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A variant in orexin receptor-2 is associated with self-reported daytime sleepiness in the Japanese population


Excessive daytime sleepiness is characterized by a persistent feeling of having trouble staying awake, typically with inappropriate sleep episodes. Orexin (hypocretin) is a neuropeptide that regulates sleep-wake cycles and rapid eye movement sleep. Several large-scale genome-wide association studies (GWASs) in European populations have found genetic variants in orexin receptor-1 (OX1R) and -2 (OX2R) that are associated with sleep traits including daytime sleepiness. To identify genetic variants associated with daytime sleepiness, we performed an association study of genetic variants in prepro-orexin, OX1R, and OX2R in 14,329 Japanese individuals from the Tohoku Medical Megabank Project cohort. A genetic variant in OX2R was significantly associated with self-reported daytime sleepiness after Bonferroni correction (rs188018846: P = 8.4E−05). In addition, a missense variant in OX2R identified by the European GWASs showed a nominally significant association with daytime sleepiness in a Japanese population (p.Ile308Val, rs2653349: P = 0.044). Multiple genetic variants in OX2R can affect daytime sleepiness in general populations.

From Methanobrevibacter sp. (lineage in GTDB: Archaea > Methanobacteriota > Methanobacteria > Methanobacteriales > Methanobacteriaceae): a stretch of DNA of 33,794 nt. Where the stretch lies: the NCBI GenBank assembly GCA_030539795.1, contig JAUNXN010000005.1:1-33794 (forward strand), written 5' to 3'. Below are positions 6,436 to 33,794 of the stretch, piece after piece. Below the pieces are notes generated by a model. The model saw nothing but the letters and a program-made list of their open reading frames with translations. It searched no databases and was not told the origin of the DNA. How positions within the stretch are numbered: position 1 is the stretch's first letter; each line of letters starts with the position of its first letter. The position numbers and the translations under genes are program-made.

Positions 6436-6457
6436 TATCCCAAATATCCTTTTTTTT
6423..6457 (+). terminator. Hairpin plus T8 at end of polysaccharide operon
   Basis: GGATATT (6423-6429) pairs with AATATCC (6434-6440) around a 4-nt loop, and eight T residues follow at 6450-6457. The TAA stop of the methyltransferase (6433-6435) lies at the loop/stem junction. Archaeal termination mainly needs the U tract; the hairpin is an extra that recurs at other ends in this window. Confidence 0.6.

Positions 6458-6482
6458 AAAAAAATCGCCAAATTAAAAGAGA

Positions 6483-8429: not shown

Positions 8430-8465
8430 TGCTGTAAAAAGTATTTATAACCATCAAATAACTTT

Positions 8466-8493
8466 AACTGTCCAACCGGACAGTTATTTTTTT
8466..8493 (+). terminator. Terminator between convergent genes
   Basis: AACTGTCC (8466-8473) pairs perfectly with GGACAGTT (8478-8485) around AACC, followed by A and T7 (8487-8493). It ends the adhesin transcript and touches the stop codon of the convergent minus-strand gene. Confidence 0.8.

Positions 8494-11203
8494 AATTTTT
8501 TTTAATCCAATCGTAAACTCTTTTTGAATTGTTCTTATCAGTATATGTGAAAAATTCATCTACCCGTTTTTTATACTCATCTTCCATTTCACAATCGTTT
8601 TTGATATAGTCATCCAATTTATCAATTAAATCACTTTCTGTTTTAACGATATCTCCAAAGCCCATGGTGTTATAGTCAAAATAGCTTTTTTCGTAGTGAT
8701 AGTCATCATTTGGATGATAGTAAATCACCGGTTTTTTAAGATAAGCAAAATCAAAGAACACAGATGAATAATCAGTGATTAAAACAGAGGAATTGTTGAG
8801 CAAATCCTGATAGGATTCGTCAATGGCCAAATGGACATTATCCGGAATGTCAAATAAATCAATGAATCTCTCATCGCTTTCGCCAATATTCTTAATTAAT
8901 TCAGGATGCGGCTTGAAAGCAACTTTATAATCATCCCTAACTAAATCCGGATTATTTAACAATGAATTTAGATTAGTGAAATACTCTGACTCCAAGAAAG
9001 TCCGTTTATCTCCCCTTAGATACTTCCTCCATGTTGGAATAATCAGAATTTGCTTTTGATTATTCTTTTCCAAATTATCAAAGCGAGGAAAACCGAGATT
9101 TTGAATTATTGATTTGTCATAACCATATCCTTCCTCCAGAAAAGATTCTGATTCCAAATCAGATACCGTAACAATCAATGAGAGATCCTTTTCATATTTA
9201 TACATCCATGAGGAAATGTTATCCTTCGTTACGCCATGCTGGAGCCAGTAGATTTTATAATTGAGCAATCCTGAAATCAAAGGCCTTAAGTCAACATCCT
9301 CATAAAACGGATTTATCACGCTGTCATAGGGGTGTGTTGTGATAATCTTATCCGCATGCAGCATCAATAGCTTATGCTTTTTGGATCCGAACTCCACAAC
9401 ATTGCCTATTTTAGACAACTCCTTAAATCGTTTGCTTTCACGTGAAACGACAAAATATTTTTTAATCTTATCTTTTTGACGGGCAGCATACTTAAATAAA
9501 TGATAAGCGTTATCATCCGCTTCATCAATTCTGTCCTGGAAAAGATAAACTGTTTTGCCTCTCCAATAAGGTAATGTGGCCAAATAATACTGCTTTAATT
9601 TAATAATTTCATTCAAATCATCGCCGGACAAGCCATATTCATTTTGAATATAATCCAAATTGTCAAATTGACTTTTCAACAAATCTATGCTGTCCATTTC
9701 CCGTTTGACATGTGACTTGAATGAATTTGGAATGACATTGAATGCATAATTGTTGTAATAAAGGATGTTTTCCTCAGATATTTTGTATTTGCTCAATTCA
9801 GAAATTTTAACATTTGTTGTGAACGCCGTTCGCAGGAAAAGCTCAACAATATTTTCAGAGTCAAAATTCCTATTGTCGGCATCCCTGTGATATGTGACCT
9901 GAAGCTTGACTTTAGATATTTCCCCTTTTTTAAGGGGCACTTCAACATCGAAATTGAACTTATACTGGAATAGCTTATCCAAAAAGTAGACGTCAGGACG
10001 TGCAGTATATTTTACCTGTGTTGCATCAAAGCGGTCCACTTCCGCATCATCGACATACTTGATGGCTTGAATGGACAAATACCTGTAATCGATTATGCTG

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This research was conducted using the ToMMo biobank resource under research number 2019-0110. The authors are deeply grateful to all participants in the present study. This study was supported by Grants-in-Aid for Scientific Research (B) (19H03588) and (C) (21K07534) from the Ministry of Education, Culture, Sports, Science and Technology of Japan. The funder had no role in study design, data collection, analysis, the decision to publish, or preparation of the manuscript.

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Correspondence to Taku Miyagawa.

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MH has received consulting fees from Takeda Pharmaceutical Co. Ltd. The other authors declare no competing interests.

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Miyagawa, T., Shimada, M., Honda, Y. et al. A variant in orexin receptor-2 is associated with self-reported daytime sleepiness in the Japanese population. J Hum Genet 67, 377–380 (2022).

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